This isn’t one of those reports where the author triumphs over adversity, sets a PR and inspires the assembled volunteers, spectators and race officials with his extraordinary tenacity, humility and grace.
This would be the opposite of that.
In this report, the author sweats, struggles and swears – ultimately succumbing to hardship and achieving nothing more than a t-shirt and a PW (personal worst).
Race day for the Psycho Summer 50K in Kansas City started with a cup of coffee, blueberry bagel with cream cheese and temperatures in the low 70s. By mid-afternoon, the thermometer would rise to 92 degrees with a relative humidity of about 80%.
The race, hosted by the Kansas City Trail Nerds, is held at Wyandotte State Park in Kansas. Participants have their choice of running one loop (15 miles) or adding another and making it an ultra.
After a few instructions and some door prizes (including a Garmin Forerunner, nice!), the race director, Ben Holmes, asked runners to assemble on a park road that, about a tenth of a mile later, would siphon us onto a single track trail that led into the middle of the park.
The first half-mile was crowded and slow, as many of the runners tentatively made their way over the gullied trail. For the first hour or so, I stayed with a group of 15-milers – not running too fast and promising myself that I would drink a full bottle of water between each station (the aid stations were three miles apart). Climbing Hedgehog Hill – the steepest hill on the course – I remarked to a group of runners nearby that the trails were very similar to those we run in Wisconsin – except hillier. Imagine that. In Kansas.
There were several stream crossings, patches of shoe-sucking mud and longer stretches of trail covered with shattered flat rock, but the hills and the heat were the story of the day. As the sun pushed the clouds away, I realized I wasn’t taking in enough water. I drank a full bottle of water at one aid station while waiting to dowse my head under a hand pump.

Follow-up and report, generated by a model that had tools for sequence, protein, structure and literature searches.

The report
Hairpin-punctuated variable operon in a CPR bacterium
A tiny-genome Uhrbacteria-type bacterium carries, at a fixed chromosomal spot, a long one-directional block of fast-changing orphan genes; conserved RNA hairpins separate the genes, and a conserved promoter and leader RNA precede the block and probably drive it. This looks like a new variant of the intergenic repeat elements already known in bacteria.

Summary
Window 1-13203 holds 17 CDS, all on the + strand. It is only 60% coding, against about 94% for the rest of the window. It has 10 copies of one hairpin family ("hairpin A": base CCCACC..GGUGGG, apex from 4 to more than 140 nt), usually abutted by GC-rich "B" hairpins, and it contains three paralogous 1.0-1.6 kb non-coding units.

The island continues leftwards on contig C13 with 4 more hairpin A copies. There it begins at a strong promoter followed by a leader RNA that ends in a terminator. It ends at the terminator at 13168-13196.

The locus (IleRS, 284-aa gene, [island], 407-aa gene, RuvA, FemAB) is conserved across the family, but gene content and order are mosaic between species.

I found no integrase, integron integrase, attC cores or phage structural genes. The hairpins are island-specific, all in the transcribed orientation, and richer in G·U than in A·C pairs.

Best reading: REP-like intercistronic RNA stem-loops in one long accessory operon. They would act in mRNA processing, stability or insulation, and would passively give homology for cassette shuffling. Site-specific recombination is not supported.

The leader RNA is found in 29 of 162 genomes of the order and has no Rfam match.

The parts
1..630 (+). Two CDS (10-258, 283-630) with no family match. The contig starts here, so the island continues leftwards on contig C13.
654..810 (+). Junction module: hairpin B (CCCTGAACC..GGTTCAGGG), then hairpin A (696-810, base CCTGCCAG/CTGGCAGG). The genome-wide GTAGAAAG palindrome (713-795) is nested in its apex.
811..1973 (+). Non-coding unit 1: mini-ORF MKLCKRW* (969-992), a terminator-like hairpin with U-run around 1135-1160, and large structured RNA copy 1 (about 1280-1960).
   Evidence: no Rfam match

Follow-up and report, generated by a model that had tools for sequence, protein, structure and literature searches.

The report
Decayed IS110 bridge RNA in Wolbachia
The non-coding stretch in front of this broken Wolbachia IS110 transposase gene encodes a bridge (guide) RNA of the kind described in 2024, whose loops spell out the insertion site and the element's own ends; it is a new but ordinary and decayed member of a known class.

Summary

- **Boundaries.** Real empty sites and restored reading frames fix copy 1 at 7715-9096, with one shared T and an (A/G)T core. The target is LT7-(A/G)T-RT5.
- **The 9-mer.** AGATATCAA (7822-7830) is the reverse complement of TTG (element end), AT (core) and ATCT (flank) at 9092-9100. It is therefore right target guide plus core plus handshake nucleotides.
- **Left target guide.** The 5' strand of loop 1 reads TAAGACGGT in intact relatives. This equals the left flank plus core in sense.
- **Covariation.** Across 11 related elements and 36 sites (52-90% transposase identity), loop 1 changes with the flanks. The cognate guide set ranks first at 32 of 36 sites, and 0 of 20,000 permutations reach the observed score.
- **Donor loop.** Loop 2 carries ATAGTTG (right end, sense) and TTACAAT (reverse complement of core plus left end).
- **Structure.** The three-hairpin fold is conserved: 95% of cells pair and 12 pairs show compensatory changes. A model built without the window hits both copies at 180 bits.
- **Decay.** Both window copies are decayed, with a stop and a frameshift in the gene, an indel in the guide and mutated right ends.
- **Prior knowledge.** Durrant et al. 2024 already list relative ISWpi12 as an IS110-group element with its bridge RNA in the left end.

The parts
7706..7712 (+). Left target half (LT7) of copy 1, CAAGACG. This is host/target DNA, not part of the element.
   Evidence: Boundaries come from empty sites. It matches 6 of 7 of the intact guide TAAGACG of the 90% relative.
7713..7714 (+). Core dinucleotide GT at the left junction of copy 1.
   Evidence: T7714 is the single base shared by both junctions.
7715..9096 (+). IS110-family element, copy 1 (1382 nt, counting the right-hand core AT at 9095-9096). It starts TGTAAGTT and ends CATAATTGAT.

Not long after that stop, I met a guy from Marquette, Michigan and we spent time talking about Wisconsin ultras, the new Marquette 50-miler, mutual acquaintances and how the cool northern summer had made heat training impossible.
At the halfway point (the start and finish), I ran by the shelter and the tables covered with goodies and ice-packed coolers full of beer and re-entered the woods.
At the next aid station, I had to sit down. A young woman filled a bag with ice and placed it on my neck. A volunteer in his late 20s, I’d guess, refilled my water bottle and brought me a bowl of watermelon. His wife, standing next to me, commented that she wished he would pay that much attention to her. I think she was kidding. With all this attention, it wasn’t long before a senior aid station volunteer walked over and started asking me questions – mostly, I presumed, to determine whether I presented a liability risk. I briefly thought about pretending I was President Eisenhower or Magic Johnson, but I’ve had enough experience with myself to know that these sort of jokes usually aren’t well-received.
I drank three 20-ounce bottles of water at that aid station – and completely melted the bag of ice on my neck – before the young guy suggested that I get back on the trail before the inevitable lactic acid build-up. Good advice.
I thanked everyone and jogged into the woods, still dehydrated (all that water – and still no sloshing in the stomach), slightly stiff and, more than anything else, preoccupied by the persistence of the bright sunshine.
All this must have affected my focus, because a few miles later I blew by a course arrow and added another three-mile loop to my run. The definition of a “sinking feeling” is passing by the same landmarks three times, when you know there are only two loops. When I re-joined the course, I conceded that this was not my day. I walked in the last eight miles… chatting with a guy, fresh out of the service, who was hoping to run a trail marathon or 50K in every state. At the finish, he introduced me to his expectant wife – we wished each other well and I left for the car to lick my wounds.
On a scale of 10, with 10 being exceptional, I’d rate the Psycho Summer 50K:
TRAIL: 8 Lots of twisting and turning single-track, some bridle trails and park roads. Relentless hills. Very well marked.
ORGANIZATION: 9 Great volunteers – friendly and helpful and many experienced runners with good advice: “When is the last time you took an S-cap?”, “Why don’t you just quit and go home?”, that sort of thing. Negatives: No beer left for the lingerers.
CHUM: 8 Technical t-shirt, colorful enameled finisher’s medal and free downloadable photos.
OVERALL IMPRESSION: 8